Contemporary Maya "ajq’ijab</I> in Quetzaltenango, Guatemala
Foreword by Håkan Rydving
When Daniel Croles Fitjar travelled to Guatemala in August 2012 to collect material for his master’s thesis, he did not know that the project would change direction and become something very different from what he had initially planned. His original intention was to write about the life history of a North European man who had become an ajq’ij, a Mayan ritual specialist. Accordingly, Mr Fitjar had prepared by reading a lot about how to collect material and how to analyse ‘life histories’. He had also had the privilege of discussing problems of method and different theoretical perspectives with one of the main experts in this type of analysis, my colleague Professor Lisbeth Mikaelsson. In addition, she had given him suggestions about relevant texts to read in preparation for the period of data collection. Needless to say, although he later changed his plans, this preparation was still invaluable for the thesis he would eventually write.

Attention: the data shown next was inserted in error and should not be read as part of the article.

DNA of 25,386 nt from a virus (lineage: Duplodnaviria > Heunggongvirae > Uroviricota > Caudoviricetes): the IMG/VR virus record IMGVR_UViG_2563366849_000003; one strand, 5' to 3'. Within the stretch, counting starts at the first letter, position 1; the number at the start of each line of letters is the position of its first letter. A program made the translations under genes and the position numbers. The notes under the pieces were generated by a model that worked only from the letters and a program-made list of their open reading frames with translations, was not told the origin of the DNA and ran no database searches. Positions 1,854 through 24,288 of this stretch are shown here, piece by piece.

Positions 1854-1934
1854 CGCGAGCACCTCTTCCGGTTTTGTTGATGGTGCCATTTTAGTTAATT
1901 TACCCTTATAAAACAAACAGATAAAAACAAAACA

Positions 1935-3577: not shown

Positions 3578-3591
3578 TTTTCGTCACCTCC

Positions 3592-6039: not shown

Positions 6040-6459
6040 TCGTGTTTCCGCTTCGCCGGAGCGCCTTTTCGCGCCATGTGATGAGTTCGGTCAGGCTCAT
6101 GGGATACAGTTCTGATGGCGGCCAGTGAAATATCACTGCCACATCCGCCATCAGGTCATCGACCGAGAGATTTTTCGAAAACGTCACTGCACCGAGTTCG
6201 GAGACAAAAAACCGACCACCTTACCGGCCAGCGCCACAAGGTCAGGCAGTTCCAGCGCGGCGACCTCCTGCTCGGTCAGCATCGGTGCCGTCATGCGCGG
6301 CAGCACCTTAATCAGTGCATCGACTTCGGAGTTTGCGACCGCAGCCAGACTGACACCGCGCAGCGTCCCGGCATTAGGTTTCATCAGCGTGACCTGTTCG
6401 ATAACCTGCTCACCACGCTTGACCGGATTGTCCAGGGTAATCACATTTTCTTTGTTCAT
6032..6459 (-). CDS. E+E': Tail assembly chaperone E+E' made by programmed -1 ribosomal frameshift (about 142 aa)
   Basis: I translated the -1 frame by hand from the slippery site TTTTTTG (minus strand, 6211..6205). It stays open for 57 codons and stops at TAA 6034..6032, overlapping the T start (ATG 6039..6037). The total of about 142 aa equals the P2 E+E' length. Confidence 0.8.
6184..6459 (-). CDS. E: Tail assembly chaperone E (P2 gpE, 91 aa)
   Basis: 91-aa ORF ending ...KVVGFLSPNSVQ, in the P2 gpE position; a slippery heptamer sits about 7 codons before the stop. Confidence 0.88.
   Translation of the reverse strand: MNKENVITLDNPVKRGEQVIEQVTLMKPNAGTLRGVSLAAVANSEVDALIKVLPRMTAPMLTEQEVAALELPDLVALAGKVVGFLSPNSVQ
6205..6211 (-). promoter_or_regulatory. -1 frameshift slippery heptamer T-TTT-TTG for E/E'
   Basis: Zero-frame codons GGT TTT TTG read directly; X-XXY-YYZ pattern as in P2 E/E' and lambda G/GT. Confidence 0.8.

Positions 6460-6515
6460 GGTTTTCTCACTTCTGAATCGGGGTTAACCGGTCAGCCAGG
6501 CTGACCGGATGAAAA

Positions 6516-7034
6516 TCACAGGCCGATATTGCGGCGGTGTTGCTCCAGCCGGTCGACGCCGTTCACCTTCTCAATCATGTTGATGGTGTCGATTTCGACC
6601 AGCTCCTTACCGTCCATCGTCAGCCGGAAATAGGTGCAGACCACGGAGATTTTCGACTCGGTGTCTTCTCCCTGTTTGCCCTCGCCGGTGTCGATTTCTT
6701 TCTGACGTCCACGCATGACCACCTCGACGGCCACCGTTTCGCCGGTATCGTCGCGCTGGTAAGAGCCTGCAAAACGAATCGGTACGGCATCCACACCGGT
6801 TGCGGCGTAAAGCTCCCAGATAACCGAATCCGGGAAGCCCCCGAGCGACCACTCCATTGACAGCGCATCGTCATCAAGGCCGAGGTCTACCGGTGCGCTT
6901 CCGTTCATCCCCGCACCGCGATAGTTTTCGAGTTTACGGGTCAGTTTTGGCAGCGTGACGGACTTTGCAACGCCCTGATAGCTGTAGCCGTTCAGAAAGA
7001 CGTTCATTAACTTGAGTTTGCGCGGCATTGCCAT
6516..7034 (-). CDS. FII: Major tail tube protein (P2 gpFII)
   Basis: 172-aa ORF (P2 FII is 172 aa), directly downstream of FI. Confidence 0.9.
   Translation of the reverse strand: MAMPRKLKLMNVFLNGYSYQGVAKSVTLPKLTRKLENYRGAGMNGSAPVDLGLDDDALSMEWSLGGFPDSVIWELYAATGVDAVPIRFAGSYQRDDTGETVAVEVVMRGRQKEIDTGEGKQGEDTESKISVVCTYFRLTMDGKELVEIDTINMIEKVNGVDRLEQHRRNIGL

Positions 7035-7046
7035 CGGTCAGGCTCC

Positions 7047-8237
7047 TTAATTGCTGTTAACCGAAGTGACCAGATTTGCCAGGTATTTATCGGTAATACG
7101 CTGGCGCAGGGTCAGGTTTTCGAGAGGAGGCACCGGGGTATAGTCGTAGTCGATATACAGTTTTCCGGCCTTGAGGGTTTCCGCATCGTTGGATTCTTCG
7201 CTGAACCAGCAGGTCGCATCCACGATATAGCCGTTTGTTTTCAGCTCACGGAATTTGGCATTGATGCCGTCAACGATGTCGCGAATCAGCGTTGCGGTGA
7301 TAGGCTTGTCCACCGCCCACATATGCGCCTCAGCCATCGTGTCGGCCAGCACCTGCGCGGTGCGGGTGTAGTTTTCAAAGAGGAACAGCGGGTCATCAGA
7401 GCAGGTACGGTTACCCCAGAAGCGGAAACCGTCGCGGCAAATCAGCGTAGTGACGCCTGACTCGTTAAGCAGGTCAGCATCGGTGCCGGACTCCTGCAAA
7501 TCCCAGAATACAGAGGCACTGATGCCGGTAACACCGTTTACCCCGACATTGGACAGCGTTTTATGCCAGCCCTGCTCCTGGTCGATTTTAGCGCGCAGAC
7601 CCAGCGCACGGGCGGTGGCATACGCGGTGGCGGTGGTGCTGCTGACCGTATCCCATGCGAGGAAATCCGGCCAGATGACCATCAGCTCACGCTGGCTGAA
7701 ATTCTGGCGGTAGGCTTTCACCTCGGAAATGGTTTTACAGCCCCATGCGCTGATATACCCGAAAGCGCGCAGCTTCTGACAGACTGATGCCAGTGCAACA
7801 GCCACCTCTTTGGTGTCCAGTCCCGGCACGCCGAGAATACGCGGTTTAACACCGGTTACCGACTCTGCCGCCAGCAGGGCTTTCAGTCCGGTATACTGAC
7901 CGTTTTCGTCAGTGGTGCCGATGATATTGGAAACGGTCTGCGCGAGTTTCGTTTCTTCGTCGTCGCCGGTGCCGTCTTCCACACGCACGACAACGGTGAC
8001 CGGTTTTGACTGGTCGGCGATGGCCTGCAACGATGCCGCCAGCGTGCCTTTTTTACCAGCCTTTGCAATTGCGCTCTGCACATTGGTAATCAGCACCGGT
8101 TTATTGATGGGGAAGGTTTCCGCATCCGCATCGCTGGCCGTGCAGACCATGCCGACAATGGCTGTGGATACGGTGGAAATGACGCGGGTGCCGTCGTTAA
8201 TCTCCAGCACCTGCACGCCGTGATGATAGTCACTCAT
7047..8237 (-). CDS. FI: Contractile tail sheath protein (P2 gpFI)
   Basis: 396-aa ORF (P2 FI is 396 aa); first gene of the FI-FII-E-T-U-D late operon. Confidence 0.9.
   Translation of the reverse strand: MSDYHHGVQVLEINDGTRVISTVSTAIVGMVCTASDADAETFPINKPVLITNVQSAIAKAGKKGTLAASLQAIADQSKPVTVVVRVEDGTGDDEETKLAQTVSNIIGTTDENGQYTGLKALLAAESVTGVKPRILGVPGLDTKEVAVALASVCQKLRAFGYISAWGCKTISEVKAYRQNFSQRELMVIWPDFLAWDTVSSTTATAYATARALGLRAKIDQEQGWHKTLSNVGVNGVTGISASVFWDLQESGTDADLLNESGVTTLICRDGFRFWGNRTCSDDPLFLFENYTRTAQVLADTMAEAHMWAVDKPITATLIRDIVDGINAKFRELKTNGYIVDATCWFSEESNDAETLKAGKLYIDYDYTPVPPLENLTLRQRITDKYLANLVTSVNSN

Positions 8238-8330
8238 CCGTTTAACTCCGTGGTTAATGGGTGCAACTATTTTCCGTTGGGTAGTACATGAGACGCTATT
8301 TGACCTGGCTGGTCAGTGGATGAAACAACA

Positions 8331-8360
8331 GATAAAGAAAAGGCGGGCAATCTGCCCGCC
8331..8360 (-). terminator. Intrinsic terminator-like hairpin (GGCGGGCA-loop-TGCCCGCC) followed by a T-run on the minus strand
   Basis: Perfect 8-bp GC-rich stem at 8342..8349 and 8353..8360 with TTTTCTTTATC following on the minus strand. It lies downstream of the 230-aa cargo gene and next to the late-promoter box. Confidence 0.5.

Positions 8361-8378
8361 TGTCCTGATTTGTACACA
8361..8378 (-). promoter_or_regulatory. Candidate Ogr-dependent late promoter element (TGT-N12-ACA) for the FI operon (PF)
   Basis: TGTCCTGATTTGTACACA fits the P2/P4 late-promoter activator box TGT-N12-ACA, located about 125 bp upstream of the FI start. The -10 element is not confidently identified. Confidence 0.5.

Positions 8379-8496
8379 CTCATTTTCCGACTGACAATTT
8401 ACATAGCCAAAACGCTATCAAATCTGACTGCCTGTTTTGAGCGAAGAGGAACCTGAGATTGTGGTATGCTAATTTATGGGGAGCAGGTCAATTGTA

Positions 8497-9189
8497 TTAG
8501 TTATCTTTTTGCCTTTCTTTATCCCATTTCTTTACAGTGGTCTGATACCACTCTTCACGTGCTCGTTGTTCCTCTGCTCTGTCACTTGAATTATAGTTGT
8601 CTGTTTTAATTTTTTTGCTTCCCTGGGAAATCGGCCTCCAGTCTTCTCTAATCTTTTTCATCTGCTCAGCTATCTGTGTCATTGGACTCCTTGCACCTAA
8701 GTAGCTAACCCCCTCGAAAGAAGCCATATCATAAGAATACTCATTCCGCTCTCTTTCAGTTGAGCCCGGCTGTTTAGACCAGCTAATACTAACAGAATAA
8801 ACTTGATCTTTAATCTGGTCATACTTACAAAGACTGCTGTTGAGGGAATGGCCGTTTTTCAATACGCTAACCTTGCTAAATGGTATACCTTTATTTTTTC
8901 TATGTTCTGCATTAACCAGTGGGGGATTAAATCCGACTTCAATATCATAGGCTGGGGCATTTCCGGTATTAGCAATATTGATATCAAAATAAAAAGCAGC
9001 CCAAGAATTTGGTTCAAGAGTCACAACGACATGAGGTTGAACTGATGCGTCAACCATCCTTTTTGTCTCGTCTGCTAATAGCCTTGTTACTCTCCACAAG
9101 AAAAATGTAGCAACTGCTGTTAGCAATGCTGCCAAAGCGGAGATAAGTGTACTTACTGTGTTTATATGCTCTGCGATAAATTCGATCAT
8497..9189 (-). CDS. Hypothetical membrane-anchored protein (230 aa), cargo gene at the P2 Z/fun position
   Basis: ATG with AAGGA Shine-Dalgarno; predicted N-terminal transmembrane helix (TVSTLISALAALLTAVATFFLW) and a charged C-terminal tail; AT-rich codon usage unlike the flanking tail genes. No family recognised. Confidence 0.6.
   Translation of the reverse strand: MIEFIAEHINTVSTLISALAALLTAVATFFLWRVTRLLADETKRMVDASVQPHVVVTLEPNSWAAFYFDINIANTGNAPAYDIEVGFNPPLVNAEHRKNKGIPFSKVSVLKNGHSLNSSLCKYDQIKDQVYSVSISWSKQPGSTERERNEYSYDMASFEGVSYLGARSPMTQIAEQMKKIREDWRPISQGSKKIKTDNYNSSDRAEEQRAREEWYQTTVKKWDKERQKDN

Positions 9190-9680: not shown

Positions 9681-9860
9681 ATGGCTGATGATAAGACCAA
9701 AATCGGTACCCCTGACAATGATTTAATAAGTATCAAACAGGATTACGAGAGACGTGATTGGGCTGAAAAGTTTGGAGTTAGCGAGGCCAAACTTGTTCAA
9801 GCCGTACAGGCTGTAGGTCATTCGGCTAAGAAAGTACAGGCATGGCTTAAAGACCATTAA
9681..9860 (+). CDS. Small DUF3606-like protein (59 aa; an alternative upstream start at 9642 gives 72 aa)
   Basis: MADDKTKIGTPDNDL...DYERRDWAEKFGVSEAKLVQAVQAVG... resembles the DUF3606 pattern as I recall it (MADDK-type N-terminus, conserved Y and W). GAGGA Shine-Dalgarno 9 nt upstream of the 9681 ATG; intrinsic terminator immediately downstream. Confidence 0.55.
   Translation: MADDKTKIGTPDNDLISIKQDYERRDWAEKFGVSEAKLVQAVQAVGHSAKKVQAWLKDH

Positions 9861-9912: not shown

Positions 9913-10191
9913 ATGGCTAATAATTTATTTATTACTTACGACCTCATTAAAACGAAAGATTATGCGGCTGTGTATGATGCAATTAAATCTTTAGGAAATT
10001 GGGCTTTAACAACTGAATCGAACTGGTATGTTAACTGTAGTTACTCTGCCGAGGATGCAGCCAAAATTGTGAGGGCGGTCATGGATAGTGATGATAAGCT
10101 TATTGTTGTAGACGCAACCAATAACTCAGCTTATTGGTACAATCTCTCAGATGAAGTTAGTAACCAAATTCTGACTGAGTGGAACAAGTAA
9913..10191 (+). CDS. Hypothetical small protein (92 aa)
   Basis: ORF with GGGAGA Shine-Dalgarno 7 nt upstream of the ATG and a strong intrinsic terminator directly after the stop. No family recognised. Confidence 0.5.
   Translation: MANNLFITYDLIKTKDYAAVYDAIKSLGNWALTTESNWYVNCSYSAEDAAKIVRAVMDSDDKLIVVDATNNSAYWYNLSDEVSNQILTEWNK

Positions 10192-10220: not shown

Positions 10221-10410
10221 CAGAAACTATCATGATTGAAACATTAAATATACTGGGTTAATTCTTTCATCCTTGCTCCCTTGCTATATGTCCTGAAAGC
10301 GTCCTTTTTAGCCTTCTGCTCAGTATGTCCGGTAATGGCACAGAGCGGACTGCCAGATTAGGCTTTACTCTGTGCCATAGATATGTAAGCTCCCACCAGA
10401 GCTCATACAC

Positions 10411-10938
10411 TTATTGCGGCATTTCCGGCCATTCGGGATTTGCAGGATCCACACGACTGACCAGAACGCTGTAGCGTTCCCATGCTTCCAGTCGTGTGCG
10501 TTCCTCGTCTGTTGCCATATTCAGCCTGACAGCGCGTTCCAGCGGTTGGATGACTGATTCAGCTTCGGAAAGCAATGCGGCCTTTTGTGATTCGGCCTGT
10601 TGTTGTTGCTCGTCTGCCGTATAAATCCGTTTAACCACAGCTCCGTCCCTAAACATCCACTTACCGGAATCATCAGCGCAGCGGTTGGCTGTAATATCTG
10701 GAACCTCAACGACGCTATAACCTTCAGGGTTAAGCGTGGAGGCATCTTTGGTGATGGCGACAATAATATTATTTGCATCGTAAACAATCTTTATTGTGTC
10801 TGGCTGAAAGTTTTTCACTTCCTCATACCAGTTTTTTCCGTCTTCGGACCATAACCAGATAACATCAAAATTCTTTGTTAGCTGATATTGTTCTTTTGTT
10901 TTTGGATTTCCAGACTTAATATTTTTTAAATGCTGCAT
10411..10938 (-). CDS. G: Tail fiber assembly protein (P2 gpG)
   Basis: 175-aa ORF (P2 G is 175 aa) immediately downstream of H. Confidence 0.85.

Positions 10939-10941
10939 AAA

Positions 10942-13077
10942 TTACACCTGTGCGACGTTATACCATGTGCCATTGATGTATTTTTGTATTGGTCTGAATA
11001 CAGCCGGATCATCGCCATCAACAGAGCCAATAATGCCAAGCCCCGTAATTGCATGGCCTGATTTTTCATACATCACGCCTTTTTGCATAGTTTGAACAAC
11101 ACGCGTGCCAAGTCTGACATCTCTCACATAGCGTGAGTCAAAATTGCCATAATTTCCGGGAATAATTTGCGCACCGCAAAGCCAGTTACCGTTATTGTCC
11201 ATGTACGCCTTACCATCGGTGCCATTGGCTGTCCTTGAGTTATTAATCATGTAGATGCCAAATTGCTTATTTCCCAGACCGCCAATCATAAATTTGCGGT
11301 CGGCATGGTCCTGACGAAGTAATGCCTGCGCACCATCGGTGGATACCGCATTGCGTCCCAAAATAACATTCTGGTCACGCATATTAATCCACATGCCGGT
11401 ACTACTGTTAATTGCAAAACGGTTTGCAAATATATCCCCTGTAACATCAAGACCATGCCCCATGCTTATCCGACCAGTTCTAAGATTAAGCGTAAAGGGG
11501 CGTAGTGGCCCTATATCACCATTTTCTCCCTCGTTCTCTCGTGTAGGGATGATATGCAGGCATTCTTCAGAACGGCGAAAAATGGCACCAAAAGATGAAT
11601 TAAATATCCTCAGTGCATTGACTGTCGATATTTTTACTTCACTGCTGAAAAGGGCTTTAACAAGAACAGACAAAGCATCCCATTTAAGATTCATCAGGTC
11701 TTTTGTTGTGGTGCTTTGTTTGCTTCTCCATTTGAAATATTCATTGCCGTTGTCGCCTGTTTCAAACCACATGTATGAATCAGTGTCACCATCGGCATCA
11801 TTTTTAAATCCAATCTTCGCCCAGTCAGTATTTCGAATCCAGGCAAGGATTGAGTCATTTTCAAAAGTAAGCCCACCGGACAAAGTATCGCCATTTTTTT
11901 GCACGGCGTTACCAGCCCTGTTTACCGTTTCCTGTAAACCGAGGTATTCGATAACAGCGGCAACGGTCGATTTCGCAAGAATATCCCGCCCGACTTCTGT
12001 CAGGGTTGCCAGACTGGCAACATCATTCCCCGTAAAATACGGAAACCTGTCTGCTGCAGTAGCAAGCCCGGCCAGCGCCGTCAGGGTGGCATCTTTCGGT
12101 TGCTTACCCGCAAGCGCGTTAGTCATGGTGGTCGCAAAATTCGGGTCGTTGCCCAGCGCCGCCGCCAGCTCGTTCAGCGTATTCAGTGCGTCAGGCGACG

Once installed in Quetzaltenango, Guatemala, Mr Fitjar understood that in order to be able to write the life history of an individual ajq’ij, he had to know more about the different functions of this type of ritual specialist in Mayan society. He therefore started asking other people what an ajq’ij is and what an ajq’ij does – questions that changed everything. He was fortunate that several ajq’ijab (the plural of ajq’ij) and other Mayas were generous with both their time and their knowledge. Helped by many, among whom I would especially like to mention his...
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